Walt Disney died in 1966.
Most people don’t remember how truly terrible Disney’s movies were in the 1970s. I mean, they were concisely rotten movies. People kept going to them because of their memories from the 1960s movies. But disappointment was inevitable.
Even projects underway, such as Pirates of the Caribbean and the Haunted Mansion stalled in their opening for half a decade.
Then, EPCOT came out in 1982. This sterile facility had massive corporate structures, designed to be high-volume capacity and impersonal. EPCOT’s was a perfect reflection of sterile, corporate, unimaginative thinking present in Disney.
Then, management at Disney changed in the 1980s. Not Eisner (who gets much of the credit) but Frank Wells…an inspired and creative individual recruited to Disney by him. Disney rebounded once again…not from Eisner (who simply raised park admission prices) but because of creativity.
I see Disney’s history as almost exactly matching that of Apple and Steve Job’s death.
It comes as no surprise that Apple management is disappointed by the progress of Apple’s car (Project Titan.) It comes as no surprise that the iPhone 6 isn’t as classy looking as the iPhone 5. And, it comes as no surprise that I no longer stand in line for new Apple products. My upgrade frequency has slowed.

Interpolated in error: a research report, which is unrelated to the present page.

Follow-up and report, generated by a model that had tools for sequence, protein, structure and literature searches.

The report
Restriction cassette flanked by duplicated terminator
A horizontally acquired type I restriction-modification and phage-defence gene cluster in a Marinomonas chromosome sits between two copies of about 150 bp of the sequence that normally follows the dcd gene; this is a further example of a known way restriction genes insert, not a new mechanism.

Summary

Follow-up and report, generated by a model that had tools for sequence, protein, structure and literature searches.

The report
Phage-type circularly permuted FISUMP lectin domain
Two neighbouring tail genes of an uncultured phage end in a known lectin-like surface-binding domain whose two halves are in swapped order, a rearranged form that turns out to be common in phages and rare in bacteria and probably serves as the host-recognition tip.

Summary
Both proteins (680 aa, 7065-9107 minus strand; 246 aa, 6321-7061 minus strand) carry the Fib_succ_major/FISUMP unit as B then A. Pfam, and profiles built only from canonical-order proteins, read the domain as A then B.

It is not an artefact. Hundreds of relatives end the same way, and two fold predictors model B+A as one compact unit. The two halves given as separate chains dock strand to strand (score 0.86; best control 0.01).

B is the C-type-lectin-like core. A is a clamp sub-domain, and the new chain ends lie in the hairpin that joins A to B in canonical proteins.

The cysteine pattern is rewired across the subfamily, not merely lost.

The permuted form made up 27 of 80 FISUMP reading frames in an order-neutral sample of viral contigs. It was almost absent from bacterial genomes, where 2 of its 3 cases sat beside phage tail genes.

Even Apple’s keynotes have gotten both boring and longer. They used to be a tight, riveting 60 minutes. They were entertaining and surprising, and if you had to go to the bathroom while watching you would miss something exciting. Today, they drone on and on while they try to hype things by using superlatives.
After Walt’s death, Roy Disney (Walt’s brother) took over operations. Like Tim Cook he was an operations man. Largely devoid of innovation, he droned on while never really understanding how creativity was what was exciting. Disney had labor problems under Roy as well.
The more I think of Walt Disney’s death and the Disney company the more I realize it is very analogous to Steve Job’s death and Tim Cook. Tim has a knack for wringing the excitement out of things.
My wife is an excellent judge of trends and of what is classy. She instinctively picks up on things. And she declares that the iPhone 5 is classy and the iPhone 6 is not. End of story. I rest my case.
The future for Apple is, I fear, bleak. And, i worry for my Apple stock’s long term value.